By Luke Browne
Date of Publication: 27 Oct 2020
The court refused to strike out a libel and malicious falsehood claim brought by Mr Michael Ward against Associated Newspapers Ltd (ANL), or to grant summary judgment against him. Nicklin J considered the authorities on collateral attack and abuse of process, and the scope of an earlier criminal trial involving Mr Ward, and concluded that the action was not a collateral attack on Mr Ward’s criminal convictions, or the Court of Appeal’s refusal of his later appeal. A failure to provide any evidence, beyond those criminal convictions, that Mr Ward’s reputation was already so damaged that he had no real prospect of meeting the test under section 1 of the Defamation Act 2013, and to satisfy the court that Mr Ward had no real prospect of defeating ANL’s qualified privilege defence by demonstrating malice, led the judge to refuse to grant summary judgment on the libel claim. The prospect of Mr Ward demonstrating malice, and his provision of a coherent explanation as to how the statement complained of had caused him pecuniary damage, meant that the malicious falsehood action was likewise not a candidate for summary judgment.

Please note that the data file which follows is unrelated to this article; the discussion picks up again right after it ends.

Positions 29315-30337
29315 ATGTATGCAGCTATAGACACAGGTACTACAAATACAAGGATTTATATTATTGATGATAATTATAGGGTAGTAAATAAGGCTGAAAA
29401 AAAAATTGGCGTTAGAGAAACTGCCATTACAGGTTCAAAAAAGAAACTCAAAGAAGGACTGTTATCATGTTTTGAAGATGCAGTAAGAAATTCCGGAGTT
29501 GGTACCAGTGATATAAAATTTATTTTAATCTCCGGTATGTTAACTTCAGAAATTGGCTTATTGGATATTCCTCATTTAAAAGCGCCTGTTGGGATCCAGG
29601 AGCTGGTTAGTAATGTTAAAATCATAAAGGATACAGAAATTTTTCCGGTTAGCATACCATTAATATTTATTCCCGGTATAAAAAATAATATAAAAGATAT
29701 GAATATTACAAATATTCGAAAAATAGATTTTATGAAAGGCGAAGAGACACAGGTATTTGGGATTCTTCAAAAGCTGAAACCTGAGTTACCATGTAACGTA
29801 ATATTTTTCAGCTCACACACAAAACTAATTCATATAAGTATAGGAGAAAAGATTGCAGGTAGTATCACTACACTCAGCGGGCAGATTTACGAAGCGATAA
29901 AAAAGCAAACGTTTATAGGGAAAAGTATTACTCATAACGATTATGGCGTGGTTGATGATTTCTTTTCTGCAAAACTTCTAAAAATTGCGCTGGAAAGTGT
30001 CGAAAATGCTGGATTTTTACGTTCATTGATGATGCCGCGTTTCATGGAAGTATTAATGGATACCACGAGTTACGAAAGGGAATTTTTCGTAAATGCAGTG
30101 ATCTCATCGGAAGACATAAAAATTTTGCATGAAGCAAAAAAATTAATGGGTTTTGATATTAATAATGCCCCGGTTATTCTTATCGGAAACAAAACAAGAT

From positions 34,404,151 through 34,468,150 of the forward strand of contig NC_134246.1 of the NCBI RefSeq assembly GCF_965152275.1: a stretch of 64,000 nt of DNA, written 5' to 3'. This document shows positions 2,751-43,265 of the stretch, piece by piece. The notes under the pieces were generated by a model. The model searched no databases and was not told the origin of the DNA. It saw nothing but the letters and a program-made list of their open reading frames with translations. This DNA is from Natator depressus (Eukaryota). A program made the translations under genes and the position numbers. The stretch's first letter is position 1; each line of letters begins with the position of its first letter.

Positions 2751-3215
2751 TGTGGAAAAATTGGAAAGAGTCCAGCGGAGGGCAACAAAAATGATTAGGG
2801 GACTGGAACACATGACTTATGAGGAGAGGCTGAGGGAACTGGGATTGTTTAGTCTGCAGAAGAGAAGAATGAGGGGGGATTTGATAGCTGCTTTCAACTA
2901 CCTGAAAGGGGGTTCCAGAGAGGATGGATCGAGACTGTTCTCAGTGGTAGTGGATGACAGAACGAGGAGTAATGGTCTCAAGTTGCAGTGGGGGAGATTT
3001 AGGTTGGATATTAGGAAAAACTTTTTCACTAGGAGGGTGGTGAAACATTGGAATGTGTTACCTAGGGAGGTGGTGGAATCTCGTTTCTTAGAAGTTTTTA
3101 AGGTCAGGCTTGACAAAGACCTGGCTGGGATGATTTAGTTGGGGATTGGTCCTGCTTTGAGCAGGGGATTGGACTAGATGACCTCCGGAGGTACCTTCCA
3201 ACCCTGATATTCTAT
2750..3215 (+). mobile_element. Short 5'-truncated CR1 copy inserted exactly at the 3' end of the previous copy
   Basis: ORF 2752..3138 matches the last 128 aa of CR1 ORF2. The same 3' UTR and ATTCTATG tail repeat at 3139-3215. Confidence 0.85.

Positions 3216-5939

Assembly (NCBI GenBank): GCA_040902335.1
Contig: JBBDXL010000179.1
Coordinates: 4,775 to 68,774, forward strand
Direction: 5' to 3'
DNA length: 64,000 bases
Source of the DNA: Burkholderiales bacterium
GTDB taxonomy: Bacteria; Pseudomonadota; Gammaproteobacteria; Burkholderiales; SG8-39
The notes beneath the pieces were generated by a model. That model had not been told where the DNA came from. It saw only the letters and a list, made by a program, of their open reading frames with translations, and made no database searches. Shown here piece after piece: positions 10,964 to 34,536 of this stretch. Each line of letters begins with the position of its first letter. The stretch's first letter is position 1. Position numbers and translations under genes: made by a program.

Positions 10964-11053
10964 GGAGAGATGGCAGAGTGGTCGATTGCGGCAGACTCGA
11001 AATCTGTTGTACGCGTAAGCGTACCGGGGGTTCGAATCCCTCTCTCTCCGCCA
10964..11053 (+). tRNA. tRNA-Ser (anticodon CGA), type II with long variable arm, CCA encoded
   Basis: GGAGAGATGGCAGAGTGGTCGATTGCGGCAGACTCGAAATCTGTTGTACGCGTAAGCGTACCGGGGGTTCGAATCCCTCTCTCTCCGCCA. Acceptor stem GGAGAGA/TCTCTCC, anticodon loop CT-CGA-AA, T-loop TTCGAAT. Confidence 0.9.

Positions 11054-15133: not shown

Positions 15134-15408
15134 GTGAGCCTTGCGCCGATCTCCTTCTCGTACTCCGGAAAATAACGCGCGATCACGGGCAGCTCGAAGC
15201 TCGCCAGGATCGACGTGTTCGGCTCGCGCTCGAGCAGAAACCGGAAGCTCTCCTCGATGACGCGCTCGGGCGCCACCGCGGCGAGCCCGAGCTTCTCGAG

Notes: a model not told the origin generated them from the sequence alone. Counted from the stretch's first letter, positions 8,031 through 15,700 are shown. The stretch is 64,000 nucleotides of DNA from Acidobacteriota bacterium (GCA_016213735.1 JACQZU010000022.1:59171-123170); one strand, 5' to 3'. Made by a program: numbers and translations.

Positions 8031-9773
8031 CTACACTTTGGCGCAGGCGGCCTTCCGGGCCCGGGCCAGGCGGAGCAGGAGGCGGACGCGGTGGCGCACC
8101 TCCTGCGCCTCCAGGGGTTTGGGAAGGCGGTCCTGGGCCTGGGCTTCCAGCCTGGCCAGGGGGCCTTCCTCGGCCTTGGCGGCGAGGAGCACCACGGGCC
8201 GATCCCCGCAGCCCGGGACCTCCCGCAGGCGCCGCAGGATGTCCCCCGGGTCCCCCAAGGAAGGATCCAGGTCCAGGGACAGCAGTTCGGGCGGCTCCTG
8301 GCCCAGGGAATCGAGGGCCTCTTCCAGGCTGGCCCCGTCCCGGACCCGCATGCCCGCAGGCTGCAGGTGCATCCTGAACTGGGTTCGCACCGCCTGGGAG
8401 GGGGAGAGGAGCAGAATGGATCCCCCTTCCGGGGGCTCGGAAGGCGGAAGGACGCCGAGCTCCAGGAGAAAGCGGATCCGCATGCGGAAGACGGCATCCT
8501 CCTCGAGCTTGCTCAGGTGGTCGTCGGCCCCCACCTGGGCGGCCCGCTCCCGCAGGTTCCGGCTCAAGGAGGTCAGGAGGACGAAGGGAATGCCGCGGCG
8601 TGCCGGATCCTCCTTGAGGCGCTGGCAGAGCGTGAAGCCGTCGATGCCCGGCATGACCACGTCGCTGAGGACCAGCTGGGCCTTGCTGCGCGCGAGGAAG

Ward v Associated Newspapers Ltd and another  EWHC 2797 (QB)
This article was first published by Lexis®PSL on 27 October 2020 and can be downloaded below.